Singapore’s Nutri-Grade to spur the adoption of nutrient labeling in the Asia-Pacific Comment –

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Singapore’s Ministry of Public Health Introduced the “Nutrigrade” compulsory nutrition labeling system Packaged beverages and automatic beverage dispensers December 30, 2022.* The Nutrigrade Rating System is the latest weapon in the government’s war on diabetes and obesity.

The new “Nutrition Label” and “Nutrition Information Panel (NIP)” regulations require manufacturers and retailers to display the “Nutrition Grade” mark on the front of package label of product packages. The new rules apply to all sugar-sweetened beverages, including milk, juice, juice drinks, drinking yoghurt and powdered dilutable beverages. Products are assigned a color-coded rating of A (dark green), B (light green), C (orange), or D (red) based on grams of sugar and saturated fat per 100ml. , with less than 1 gram of sugar and a saturated fat content of 0.7 g or less per 100 ml, healthier beverages are assigned the highest grade A. Saturated fat per 100 ml receives the lowest rating of D.

A and B rated beverages carry the Nutrigrade label or the Healthy Choice symbol (HCS) is a certification logo for healthier food and beverages introduced by the Singapore Health Promotion Board in 1998. However, C and D rated products are required to print Nutrigrade labels. In particular, advertising D-rated beverages is prohibited. Going forward, the agency aims to have all products bearing the HCS symbol have an A or B rating. Restaurants and drink stalls must also label their online and printed menus. The Health Promotion Commission has announced plans to conduct regular checks to ensure beverage brands comply with the new regulations.

Front-of-pack nutrition labeling systems are intended to help consumers identify sugary, fatty and unhealthy beverages off crowded retail shelves. Color coding and rating is easier and more accessible to the layperson than comparing different label claims such as fat-free, low-calorie, and low-sugar. This allows consumers to make informed choices based on product formulation rather than marketing talk, branding and promotions. A survey found that product choices are attractive to 53% of Singapore consumers, whose product choices are often or always influenced by health labels (information on protein/sugar/fiber/carbohydrate content) displayed on product packaging.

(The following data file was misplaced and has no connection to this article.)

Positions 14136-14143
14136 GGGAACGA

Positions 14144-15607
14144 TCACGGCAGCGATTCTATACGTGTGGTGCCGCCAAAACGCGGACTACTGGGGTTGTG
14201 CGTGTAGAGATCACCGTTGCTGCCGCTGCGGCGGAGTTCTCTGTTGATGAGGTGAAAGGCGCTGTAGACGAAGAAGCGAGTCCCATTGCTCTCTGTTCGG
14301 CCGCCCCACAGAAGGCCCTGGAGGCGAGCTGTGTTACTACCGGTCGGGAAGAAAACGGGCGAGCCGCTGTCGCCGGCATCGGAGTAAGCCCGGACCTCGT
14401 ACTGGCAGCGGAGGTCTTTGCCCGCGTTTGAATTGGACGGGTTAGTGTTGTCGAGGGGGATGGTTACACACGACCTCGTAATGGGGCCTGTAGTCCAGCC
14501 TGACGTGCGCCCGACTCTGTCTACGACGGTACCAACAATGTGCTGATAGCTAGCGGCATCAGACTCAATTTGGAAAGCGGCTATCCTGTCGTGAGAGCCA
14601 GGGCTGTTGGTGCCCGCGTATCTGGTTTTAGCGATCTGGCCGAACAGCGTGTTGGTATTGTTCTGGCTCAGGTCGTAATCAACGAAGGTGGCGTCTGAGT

Traffic lights in the UK, Nutri-Score in France, Scandinavia keyhole, Australian Health Star Ratings, and Chilean Warning Labels promote nutrition awareness. Such systems, certifications, and logos encourage consumers to make healthier dietary choices and encourage manufacturers pressure to develop healthier products. Moreover, these systems offer authorities a gentler, less destructive and less controversial policy to limit the consumption of sugary drinks, rather than an outright ban or sugar/sin tax.Singapore If the Nutrigrade label is successful, the concept will accelerate the adoption of such a system in neighboring Asia-Pacific countries, particularly Thailand and the Philippines, which already impose sugar taxes.

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